Antawn Jamison: ‘Felt Like My Father Had Passed’

Former NBA All-Star Antawn Jamison was born in Shreveport, Louisiana, but he grew up in Charlotte, North Carolina, in the 1980s and 1990s. Which means he knew the weight that the words “Dean Smith” carried.

Well, when Jamison was a sophomore at Providence High School, his coach approached him on game day and told him that someone very special would be in attendance that evening: Coach Smith.

Jamison, still two years away from becoming a McDonald’s All-American, was instantly a nervous wreck.

“If anybody knows about college basketball – but especially in the state of North Carolina – you know the impact of hearing that guy’s name and knowing that he’s coming to see you play,” Jamison said on The Doug Gottlieb Show. “So I was a wreck the whole day. He walked in and the whole gym just gets quiet – right in the middle of the game. I just knew then my life wouldn’t be the same.”

Jamison played for North Carolina from 1995 to 1998, leading the Tar Heels to the Final Four in his final season in Chapel Hill.

“I’m glad I was smart,” Jamison said. “I remember the first time we talked, he was sitting down talking to me and my parents, just saying, ‘I can’t promise you that you will play next year or that you will make it to the NBA. But there’s a couple things I can promise you: If you come to my program, you’re going to get an education, and you’re going to leave a better man . . . than you are coming in.’”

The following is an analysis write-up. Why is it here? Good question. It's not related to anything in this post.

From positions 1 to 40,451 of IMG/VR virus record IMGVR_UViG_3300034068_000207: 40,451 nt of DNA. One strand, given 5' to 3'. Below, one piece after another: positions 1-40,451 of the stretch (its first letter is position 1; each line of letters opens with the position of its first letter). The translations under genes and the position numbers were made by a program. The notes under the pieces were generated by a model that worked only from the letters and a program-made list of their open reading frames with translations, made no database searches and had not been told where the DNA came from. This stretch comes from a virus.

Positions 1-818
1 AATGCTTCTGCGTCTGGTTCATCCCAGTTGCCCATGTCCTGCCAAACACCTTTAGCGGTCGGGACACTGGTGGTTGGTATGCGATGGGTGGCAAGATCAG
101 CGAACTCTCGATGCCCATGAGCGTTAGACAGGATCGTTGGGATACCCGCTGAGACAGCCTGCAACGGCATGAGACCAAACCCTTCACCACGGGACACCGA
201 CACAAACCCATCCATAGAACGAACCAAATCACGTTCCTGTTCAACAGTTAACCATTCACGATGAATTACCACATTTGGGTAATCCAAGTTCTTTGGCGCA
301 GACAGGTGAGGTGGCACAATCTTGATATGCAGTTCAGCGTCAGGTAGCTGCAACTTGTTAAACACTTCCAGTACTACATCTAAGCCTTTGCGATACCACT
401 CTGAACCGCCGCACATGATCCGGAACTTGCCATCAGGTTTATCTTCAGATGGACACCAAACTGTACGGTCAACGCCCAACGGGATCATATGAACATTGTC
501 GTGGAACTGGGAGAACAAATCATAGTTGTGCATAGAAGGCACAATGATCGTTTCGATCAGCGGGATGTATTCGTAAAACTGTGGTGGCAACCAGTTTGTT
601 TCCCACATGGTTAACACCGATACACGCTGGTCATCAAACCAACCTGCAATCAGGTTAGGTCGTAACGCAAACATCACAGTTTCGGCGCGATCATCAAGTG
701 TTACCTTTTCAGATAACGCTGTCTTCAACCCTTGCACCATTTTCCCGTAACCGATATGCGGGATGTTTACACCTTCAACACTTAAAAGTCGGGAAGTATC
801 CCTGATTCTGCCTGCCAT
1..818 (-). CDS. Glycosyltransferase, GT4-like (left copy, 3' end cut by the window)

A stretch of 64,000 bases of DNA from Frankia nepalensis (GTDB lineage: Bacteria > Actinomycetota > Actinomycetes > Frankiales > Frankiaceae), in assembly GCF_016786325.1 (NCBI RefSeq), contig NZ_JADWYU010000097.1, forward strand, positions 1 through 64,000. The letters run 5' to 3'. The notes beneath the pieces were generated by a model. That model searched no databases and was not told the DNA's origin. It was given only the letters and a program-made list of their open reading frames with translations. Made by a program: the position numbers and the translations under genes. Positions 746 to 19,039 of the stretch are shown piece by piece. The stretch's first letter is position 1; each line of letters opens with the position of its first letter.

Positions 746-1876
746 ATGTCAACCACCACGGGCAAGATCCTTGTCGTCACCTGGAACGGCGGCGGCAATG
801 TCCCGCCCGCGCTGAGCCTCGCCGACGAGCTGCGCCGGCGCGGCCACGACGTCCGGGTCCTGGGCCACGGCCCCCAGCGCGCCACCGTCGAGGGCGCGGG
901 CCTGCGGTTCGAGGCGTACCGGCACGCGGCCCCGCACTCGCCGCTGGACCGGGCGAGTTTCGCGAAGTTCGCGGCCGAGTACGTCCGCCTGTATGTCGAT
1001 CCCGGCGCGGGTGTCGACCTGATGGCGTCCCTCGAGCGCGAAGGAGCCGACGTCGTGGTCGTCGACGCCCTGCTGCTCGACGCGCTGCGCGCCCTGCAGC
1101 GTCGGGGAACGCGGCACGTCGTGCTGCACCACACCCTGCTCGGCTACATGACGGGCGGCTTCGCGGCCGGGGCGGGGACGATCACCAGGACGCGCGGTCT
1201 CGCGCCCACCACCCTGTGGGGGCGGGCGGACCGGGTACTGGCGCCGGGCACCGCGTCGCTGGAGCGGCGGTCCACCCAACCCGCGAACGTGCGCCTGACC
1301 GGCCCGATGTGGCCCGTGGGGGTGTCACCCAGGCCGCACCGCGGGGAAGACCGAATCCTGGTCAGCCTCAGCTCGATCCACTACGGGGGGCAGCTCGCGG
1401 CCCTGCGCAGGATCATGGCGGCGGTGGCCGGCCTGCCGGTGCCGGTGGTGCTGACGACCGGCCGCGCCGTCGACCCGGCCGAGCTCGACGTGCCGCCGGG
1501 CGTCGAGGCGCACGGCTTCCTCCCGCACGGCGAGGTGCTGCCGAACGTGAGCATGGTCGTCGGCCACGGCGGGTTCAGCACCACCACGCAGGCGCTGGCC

Jamison’s parents were hooked. So was Jamison. Sure, he would’ve loved to have been guaranteed playing time as a freshman. He would’ve loved to have been guaranteed a starting spot. But for him, all that mattered was a chance to play for Coach Smith, who passed away Saturday at the age of 83.

“As a player and as a kid, you’re just kind of like, ‘I want to play,’” Jamison said. “But just sitting down talking to Coach Smith, just thinking about the impact that he’s had not only on my life, but the many people you’ve been hearing about in the last 24 hours – you don’t realize (how influential he was) until you actually get the opportunity to sit back and reflect. I have four kids now. And just the things that I’m teaching them, the things that I tell them, it’s like, Coach Smith told me that.”

Coach Smith also taught Jamison – who was named National Player of the Year at UNC in 1998 and played in the NBA for 16 seasons – the importance of humility. He taught him the importance of hard work. He taught him that basketball wouldn’t last forever.

“It’s amazing what he’s done for me,” said Jamison, now an NBA analyst. “And I tell people, other than my mother and father, he’s been the most influential person (in my life). Yesterday, it felt like my father had passed. It was tough for me. But (I’m) definitely blessed that the man up above sent him in my life. I wouldn’t know where I would be at right now (without him). I wouldn’t know how life would be if it wasn’t for the things that he taught me as a player – but most importantly as a person and human being.”

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